Elementary schools go international

WHITTIER – Whittier International Elementary School was one of two Minneapolis public elementary schools to join an elite international club in March.

Whittier and Elizabeth Hall International Elementary School in North Minneapolis were authorized to teach the International Baccalaureate (IB) Primary Years Programme, known for its rigorous academics and global perspective. They are two of only six elementary level IB programs in Minnesota and about 357 in the world.

Word from the International Baccalaureate Organization came after three years of teacher training and preparation.

“The last three years have been very fast-paced and energetic,” said Whittier Principal Amando Camacho.

The school also raised the bar for its students, who are now learning a curriculum that emphasizes both intellectual and moral development, he said.

Camacho said Whittier was one of the lowest-performing schools in the state three to four years ago. Now, it is making adequate yearly progress goals set by the state to comply with the federal No Child Left Behind Act.

“The school needed a boost,” Camacho said, and IB was it.

The IB application process began about three years ago, when Whittier was awarded a federal magnet school grant to improve diversity.

IB Coordinator Melissa Anderson-Rossini said at that time, the school was about 98 percent students of color. About the same percentage of students were enrolled in the free and reduced-price lunch program, an indicator of the number of families at or near the poverty level.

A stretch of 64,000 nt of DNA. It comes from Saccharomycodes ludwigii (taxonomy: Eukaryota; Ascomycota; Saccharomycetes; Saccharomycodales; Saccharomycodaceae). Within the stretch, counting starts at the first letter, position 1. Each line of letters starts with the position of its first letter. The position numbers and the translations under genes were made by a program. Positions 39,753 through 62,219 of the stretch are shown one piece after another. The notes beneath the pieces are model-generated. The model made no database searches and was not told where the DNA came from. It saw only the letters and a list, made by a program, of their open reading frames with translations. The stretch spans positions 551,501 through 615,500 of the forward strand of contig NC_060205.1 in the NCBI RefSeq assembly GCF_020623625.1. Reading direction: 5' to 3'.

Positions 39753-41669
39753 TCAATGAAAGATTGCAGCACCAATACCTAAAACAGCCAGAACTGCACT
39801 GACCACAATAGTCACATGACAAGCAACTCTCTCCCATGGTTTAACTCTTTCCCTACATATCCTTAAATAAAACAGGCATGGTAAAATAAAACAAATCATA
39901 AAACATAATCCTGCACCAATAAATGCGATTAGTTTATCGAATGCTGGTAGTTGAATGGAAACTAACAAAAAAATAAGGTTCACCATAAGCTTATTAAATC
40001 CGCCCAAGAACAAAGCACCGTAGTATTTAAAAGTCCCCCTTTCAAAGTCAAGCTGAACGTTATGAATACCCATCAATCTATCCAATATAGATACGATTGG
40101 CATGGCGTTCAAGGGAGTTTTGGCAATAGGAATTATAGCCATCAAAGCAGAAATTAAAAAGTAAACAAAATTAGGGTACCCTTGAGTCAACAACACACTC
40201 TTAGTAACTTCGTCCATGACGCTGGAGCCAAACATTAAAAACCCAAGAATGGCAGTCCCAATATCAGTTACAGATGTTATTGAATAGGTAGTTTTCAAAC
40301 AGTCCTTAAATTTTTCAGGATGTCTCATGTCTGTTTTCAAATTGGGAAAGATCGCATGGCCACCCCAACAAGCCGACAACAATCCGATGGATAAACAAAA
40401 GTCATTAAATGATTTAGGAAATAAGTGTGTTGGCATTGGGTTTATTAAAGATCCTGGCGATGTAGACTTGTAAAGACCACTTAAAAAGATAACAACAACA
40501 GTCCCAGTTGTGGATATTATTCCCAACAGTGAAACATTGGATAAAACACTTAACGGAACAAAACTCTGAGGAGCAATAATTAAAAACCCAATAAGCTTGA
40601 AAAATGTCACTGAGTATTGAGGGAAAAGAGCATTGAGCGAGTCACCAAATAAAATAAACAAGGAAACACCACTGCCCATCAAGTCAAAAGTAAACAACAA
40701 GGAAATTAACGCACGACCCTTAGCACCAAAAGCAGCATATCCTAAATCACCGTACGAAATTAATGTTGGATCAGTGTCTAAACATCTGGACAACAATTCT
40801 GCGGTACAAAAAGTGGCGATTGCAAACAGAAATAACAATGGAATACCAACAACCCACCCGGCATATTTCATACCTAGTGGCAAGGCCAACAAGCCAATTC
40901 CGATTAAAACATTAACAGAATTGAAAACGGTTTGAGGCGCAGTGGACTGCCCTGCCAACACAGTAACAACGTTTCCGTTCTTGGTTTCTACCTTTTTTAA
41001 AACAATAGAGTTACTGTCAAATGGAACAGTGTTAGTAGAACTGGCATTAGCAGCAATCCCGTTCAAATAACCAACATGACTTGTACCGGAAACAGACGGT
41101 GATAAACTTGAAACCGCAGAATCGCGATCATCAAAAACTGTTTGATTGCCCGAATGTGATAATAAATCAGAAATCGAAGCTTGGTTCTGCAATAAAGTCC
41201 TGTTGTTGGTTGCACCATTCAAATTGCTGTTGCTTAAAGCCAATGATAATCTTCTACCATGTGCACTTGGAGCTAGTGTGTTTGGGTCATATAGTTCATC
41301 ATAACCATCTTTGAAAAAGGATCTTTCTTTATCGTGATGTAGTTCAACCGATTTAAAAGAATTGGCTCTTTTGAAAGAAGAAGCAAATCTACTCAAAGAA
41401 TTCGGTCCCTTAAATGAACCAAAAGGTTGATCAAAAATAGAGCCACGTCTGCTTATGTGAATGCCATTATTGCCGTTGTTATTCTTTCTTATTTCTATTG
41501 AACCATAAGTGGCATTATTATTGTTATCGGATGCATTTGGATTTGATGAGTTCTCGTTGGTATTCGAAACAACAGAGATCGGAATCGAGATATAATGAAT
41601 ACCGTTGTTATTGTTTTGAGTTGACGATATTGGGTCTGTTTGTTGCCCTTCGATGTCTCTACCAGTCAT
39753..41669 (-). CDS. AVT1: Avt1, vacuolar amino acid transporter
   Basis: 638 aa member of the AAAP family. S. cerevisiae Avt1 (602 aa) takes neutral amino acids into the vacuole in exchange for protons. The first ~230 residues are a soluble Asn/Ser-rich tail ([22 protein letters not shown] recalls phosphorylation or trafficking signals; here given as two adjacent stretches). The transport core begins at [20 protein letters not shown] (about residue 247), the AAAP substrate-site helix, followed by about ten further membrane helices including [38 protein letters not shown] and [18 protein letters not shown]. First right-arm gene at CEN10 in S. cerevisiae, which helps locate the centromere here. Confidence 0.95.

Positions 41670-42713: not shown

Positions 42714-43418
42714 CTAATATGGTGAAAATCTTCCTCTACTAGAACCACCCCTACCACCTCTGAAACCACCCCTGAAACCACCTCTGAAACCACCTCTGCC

Now, that number is closer to 78 percent, Camacho said.

Camacho said enrollment has increased from 280 students to 440 students in the last four years. He anticipates 500 students in fall 2007.

Anderson-Rossini said the IB program at Whittier will soon form part of a pathway Southwest students could follow throughout their careers in Minneapolis schools. Southwest High School offers IB as one of its small learning communities, and Anwatin Middle School is in the process of implementing the middle-years version of IB.

Associate Superintendent for Elementary Schools Von Sheppard said the IB has the reputation as a program that demands – and gets – results from students.

“This is what families are looking for,” Sheppard said.

He expected some families who fled public schools in Minneapolis will be drawn back by the promise of an IB pathway.

The IB program was developed in Geneva, Switzerland, in 1968 as a rigorous, standardized curriculum that could be transported all over the world for international students. Since then, it has expanded to nearly 2,000 schools in 125 countries.

The Primary Years Programme for elementary students was designed for 3- to 12-year-olds and debuted in 1997.

Anderson-Rossini said students explore the world around them in six themed “units of inquiry,” such as “Sharing the Planet” and “Where We Are in Place and Time.”

She said teachers strive to bring out the characteristics of an “internationally minded” person in their students. They encourage children to be curious, thoughtful and open to new experiences. “I personally believe they’re more engaged and they’re more motivated,” she said.